As we were there with all our pads on adding some bruises and blood to add to the mix, so many kids, men and women were watching, supporting and giving us pointers. I fell in love with trying and learning something new and most of all I fell in love with the community. 

With the scars of my newfound badassery, I drove back to Colorado. It was definitely hard to leave my new friends in Cali but I was determined to keep up with skateboarding. I got my friend Leda interested in joining and we have been going to the skatepark at 7 am learning new tricks and practicing pool riding. There have even been a few weekends in the middle of the day where we find ourselves at the skatepark outnumbered by boys and men who obviously know how to skate. Again we have found it. The skateboarding community is so supportive and people appreciate us trying.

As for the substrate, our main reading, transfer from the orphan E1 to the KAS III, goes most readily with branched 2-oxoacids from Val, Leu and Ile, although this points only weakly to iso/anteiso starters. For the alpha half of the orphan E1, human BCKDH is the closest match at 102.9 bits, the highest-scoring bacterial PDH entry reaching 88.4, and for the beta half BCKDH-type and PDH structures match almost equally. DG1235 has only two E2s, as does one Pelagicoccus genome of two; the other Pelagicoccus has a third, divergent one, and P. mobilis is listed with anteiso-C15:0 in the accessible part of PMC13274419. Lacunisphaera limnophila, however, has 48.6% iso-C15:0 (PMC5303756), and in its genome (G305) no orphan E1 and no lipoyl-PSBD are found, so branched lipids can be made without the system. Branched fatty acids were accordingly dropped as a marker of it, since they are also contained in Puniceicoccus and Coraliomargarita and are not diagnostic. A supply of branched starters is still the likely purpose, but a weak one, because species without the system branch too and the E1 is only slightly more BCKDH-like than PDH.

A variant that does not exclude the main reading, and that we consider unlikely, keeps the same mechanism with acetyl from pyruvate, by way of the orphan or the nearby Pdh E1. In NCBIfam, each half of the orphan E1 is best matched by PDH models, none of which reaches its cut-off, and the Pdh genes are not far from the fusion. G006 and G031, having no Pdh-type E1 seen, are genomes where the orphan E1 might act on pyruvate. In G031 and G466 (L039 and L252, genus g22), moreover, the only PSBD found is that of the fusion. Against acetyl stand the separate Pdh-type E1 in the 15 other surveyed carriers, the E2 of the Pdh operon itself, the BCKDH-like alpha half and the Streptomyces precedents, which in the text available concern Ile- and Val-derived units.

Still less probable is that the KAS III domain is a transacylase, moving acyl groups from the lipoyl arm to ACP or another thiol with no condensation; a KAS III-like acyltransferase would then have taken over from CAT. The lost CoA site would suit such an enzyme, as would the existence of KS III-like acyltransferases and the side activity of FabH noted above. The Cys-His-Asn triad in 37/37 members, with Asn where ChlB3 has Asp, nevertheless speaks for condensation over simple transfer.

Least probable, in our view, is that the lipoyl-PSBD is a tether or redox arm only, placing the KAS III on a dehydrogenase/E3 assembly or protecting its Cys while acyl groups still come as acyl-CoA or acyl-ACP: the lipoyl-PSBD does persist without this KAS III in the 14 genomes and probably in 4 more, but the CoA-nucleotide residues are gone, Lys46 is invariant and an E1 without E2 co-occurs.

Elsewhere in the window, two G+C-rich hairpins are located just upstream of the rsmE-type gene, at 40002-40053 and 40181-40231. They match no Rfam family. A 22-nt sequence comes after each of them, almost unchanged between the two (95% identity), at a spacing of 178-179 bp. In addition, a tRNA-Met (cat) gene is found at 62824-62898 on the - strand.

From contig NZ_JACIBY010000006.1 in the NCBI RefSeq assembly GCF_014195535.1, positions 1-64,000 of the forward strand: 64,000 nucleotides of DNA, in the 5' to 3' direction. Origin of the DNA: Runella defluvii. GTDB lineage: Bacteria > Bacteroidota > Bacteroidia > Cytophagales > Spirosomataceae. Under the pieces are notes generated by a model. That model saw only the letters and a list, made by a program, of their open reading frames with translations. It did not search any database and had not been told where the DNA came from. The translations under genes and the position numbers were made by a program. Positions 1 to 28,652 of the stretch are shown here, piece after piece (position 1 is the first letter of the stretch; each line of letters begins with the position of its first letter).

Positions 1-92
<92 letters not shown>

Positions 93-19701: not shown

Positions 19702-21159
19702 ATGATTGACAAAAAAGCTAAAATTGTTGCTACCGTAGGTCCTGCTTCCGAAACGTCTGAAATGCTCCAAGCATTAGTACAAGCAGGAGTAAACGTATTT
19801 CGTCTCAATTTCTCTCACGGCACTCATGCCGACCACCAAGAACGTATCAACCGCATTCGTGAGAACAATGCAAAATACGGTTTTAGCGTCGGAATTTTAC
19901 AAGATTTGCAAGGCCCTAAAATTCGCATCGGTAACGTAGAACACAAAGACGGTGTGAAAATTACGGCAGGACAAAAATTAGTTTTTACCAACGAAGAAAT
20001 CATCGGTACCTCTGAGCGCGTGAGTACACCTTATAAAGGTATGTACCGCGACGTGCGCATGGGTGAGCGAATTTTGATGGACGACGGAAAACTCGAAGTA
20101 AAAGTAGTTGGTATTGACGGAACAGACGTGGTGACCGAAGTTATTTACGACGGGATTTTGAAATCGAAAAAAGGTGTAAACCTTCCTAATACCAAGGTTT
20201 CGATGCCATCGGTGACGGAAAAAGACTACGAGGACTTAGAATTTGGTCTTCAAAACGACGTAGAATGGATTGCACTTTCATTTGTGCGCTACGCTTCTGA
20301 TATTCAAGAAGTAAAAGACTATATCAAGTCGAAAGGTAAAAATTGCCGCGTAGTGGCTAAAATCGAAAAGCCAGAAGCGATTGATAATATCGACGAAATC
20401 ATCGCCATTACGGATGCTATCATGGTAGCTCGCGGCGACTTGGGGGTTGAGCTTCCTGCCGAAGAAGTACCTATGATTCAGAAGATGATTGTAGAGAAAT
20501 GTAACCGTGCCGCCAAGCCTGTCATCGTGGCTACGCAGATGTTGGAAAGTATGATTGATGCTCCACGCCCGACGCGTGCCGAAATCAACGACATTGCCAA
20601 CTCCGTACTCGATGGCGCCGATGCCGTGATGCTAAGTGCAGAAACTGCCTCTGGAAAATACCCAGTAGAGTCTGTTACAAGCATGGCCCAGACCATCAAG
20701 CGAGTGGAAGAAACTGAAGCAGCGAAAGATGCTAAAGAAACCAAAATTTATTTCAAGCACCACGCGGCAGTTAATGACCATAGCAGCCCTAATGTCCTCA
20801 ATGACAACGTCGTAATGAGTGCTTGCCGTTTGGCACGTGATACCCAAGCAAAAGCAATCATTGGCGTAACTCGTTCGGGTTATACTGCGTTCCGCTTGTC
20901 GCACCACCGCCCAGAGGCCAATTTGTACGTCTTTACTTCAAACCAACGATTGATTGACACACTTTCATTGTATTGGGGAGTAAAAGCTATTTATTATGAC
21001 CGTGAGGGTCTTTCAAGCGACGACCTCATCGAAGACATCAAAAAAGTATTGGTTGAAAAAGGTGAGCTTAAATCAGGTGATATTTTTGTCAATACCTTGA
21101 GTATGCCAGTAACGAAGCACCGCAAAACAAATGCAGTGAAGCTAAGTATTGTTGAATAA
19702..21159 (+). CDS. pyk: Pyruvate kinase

Skateboarding has become a huge part of my life here in Colorado.  I have found several other women that are learning and getting really good. Most of us are 30-45 years old! We are standing at the edge of our fears dropping into the unknown possibility of making a line in the pool or busting our asses against concrete. Either way it's a learning experience. Either way it's growth. 

I have to send a huge shout out to Andrea Knox, Leda Olmsted, Kendra, Nicole Noller, Sasha-Lasha, Allan Cheateau, Mark Saunders, the Cali Crew and all the people who have been supportive of me learning. In this practice of life I am always the student and falling just gives me an opportunity to get back up again. I am hooked. Thank you Skateboarding!